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Remarks Announcing a New Manufacturing Innovation Institute in Silicon Valley

Hey everybody. Great to be here. Thank you all. Thanks everybody for coming – please – thank you, all of you. Congresswoman Eshoo, thank you, old friend and colleague; Congresswoman Lofgren; Congressman Honda; Mayor Liccardo; ladies and gentlemen: thank you. Thank you once again, all of you, for joining us today, and for your leadership here in the Bay Area, and for being part of this moment, which is a moment in technology history.

It’s great for me to be back in Silicon Valley. When I came here in April – after spending much of last year out here – I found that I was the first Secretary of Defense to visit in almost 20 years. So I’m pleased to return again just four months after that and show the progress we’ve made in rebuilding the bridges between the Pentagon and Silicon Valley.

This is one of my core goals as Secretary of Defense – renewing the ties, the bonds of trust between our national security endeavor at the Pentagon, and our wonderful, innovative, open technology community of companies and universities that make up one of America’s great strengths.

We’ve had a long history of partnership that’s benefitted the entire society. This building, proof of it. The world’s largest wind tunnel, it’s tested not only B-1 bombers and F/A-18 fighters, but also Boeing’s commercial fleet, and the McDonnell-Douglas DC-9, DC-10 – helping our military aviators dominate the skies, while also helping American companies dominate the global air travel and transport industry.

Over most of the last 75 years, the bonds between the technology community and defense were particularly close. I’ve observed that, from seeing it from both sides: a technologist myself, and also serving many years in the Defense Department.

We have today the finest fighting force the world has ever known. We need it – we need it to protect our country and to build a better world for our children.

We are the best, first of all – first of all – because of the magnificent young men and women who make up that force. I was with them yesterday at Pendleton; the day before at Nellis Air Force Base – it’s them. It’s them, first and foremost, that make it the greatest.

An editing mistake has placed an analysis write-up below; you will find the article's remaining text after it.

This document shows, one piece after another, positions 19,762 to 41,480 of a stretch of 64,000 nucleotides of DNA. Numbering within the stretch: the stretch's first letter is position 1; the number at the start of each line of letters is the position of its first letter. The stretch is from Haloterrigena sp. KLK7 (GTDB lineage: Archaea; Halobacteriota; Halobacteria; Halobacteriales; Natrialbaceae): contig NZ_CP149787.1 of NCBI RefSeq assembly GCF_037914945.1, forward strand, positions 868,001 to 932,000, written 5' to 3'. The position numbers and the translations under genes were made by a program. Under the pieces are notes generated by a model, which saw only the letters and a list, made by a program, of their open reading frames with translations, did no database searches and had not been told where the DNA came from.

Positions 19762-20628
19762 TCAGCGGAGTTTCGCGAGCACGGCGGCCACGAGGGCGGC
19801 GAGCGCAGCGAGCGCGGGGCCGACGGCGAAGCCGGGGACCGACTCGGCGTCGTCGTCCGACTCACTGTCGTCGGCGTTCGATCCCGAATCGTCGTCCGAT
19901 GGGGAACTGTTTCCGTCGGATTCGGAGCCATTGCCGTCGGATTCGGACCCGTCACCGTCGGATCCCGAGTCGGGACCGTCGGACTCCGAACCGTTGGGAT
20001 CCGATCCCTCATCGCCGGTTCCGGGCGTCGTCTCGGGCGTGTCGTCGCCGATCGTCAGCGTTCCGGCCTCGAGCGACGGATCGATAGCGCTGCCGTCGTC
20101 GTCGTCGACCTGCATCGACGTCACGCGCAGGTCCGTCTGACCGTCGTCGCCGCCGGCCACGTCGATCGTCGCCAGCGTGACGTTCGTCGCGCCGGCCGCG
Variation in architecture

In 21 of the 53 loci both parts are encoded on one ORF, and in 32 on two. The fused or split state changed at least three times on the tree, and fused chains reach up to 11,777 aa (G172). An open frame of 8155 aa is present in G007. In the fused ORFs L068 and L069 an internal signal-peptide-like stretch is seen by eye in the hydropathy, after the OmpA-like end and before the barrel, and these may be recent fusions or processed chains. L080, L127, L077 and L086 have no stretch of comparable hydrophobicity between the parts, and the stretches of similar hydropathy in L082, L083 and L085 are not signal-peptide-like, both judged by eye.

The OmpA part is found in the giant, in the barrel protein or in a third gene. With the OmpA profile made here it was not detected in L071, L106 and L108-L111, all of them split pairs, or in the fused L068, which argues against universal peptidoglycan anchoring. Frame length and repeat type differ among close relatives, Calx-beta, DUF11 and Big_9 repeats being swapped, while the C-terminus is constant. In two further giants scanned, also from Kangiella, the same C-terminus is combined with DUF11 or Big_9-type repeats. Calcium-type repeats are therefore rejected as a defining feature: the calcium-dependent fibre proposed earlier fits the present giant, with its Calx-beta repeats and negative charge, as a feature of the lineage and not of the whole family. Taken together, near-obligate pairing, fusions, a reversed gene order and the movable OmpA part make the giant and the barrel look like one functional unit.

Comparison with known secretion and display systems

But secondly, and importantly, our strength comes from the long-standing link between the high-tech community and the government – whether it was the integrated circuit, or the Internet itself, or in an era before that the jet engine itself, satellite communications, and so on.

Because we have different missions and somewhat different perspectives, sometimes we disagree, see things differently. That’s okay. I think that’s okay. Addressing disagreements through partnership is better than not speaking at all. And whether we’re developing a new product, or a new policy, the lesson to me is always the same: it’s vigorous debate and exchange that creates breakthrough ideas. So I’m here to engage and I want to deepen that exchange between us.

And the fact is, that over successes and strains, our ties have endured. And I believe that the challenges and opportunities we face in this still young century demand that we strengthen our partnership in ways that benefit us both.

We live in a dangerous world, and the fact that our military is the finest fighting force the world has ever known is not a birthright. It’s not a guarantee. We have to earn it again and again. 

When I began my career, most technology of consequence originated in America, and a lot of that was sponsored by the government, particularly by the Defense Department. Today, much more of our technology is commercial, and the technology base is global. And other countries have been trying to catch up to the breakthroughs that for the last several decades made our military more advanced than any other.